10. Enjune Zhang

    read aloud or silently

    There is gap between what you think you could and the fact, so that's why reading aloud helps you detect the disparity between your actual condition and the ideal one.One needs to read aloud to see the room of further improvement. It helps if you may get it recorded and compare it with the correct pronunciation if there is any example available. Or you could download an app where you could transform the text input into voice. So you know how it is correctly pronounced.
  11. abcdefg

    read aloud or silently

    During my first couple years, teachers always urged me to read out loud as part of my homework. I was skeptical but did it anyhow. I think it probably helped. Not sure why, since nobody was listening. Perhaps it was just that if I stumbled over how to pronounce a word, it was obvious and I had to pause and get it straightened out. If I had been reading silently, there would have been a strong temptation to just gloss it over and keep going; it would have been easier to ignore things I didn't know.
  12. abcdefg

    Revisiting the classics 家常菜

    Many thanks for all those fine suggestions. To be frank, some of them are things I've only eaten in a restaurant, have not tried making them at home. I will start doing some background reading and talking to my local cooking friends. @suMMit -- Those look delicious. Were they a lot of trouble to make? I usually buy 小笼包 and 包子 outside instead of making them at home, mainly out of laziness. Do you have a bamboo steamer basket? The place I usually go is very small and they do the whole process out front where customers can see their meat and how they handle it. Somehow I find that reassuring; they aren't hiding the process in a dark back room. @Shelley -- Fore sure some sweet and sour dishes need to be on the short list. I love those too. And you are right about soup being often overlooked. Chinese have soup with nearly every main meal (not with breakfast.) I particularly like soups during the colder months, and they are coming up. @889 -- Yes indeed. In particular I'm a die hard fan of 麻婆豆腐。Go through spells of making it once or twice a week, and then I don't think of it again for a month or two. Always a pleasure to return to it. @DavyJonesLocker -- That's a great question and it comes up a lot. I definitely can help with "the soy sauce issue." Promise to give you some info on that within the next 24 hours. It's an interesting subject.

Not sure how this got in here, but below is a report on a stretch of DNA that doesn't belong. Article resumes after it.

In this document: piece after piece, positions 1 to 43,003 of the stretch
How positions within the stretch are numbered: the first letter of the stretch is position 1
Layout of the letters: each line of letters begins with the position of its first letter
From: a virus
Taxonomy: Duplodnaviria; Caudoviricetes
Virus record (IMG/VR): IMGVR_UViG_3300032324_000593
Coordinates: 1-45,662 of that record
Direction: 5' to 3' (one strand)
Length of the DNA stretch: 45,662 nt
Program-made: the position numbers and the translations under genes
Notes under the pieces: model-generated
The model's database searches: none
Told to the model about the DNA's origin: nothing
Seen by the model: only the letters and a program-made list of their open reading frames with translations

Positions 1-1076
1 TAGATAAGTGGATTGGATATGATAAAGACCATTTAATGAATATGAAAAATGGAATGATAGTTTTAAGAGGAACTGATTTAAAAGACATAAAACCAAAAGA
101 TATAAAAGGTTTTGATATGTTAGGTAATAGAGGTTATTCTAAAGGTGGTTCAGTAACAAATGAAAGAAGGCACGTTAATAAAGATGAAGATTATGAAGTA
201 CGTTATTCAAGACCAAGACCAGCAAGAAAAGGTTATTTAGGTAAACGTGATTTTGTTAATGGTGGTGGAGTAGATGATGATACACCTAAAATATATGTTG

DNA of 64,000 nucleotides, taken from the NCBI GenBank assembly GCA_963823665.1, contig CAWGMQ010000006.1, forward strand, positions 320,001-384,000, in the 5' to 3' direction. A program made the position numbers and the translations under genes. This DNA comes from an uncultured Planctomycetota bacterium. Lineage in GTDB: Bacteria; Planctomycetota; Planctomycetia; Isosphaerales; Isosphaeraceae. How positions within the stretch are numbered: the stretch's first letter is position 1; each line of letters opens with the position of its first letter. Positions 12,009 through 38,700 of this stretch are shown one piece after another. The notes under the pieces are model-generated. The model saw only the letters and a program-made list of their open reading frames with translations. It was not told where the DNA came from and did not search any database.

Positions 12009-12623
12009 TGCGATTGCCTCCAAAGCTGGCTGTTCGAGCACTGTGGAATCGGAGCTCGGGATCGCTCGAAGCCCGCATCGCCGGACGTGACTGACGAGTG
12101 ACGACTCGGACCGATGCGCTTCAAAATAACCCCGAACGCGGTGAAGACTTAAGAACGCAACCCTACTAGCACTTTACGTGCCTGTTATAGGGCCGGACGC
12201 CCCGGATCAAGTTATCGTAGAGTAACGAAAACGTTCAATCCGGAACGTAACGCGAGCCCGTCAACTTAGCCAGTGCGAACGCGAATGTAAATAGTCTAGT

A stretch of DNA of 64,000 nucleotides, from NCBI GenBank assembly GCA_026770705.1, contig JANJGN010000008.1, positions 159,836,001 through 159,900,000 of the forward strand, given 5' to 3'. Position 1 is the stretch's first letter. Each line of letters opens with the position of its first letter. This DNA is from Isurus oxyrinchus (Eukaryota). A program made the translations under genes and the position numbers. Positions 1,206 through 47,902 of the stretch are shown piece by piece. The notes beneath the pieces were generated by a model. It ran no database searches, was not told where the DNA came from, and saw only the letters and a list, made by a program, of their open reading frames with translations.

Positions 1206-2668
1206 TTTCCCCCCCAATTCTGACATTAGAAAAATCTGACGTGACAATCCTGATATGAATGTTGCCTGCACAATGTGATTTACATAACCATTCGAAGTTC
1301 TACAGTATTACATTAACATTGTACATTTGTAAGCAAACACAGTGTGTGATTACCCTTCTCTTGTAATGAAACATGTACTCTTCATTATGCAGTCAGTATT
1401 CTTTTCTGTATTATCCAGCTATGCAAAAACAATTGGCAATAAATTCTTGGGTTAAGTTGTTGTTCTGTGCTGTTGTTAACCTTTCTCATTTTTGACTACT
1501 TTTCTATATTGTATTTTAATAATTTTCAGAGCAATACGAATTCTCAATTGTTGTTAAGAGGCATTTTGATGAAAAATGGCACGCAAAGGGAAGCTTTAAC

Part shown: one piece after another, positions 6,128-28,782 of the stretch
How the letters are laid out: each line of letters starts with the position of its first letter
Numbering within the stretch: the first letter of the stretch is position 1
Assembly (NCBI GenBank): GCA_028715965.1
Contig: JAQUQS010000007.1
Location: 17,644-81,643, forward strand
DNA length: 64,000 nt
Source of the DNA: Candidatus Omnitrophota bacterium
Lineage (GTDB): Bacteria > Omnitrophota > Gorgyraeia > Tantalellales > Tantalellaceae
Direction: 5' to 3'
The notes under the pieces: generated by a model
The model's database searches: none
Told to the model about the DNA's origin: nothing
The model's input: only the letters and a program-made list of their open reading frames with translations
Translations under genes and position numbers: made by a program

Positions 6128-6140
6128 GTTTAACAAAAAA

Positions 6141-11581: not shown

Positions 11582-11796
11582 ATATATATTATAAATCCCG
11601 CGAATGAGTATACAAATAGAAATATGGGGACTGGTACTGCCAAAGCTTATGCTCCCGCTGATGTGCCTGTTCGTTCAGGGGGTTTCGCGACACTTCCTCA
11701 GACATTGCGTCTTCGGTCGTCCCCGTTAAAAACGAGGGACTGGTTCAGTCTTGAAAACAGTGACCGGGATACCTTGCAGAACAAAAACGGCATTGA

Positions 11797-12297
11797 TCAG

13. We are six days into our China road trip now. We easily procured a temporary Chinese drivers license at the Beijing airport which is valid for 1 year anywhere in China and valid just for driving a rented car. Reserving the rental car was a hassle. What they didn't tell us in advance was that the car rental company (a Hertz affiliate) would not rent any car to foreigners during Golden Week. So we could only start our road trip on October 8. In general, the car rental business in China is small compared to other countries and not very customer friendly. My husband, who is a Beijing native, had a hard time understanding the car rental people - partly because of a lot of jargon he didn't know and partly because of accent. So his sister, who lives in Beijing, did most of the negotiating for us. We have been navigating easily using Baidu Maps. More later when I have time.
  14. Yesterday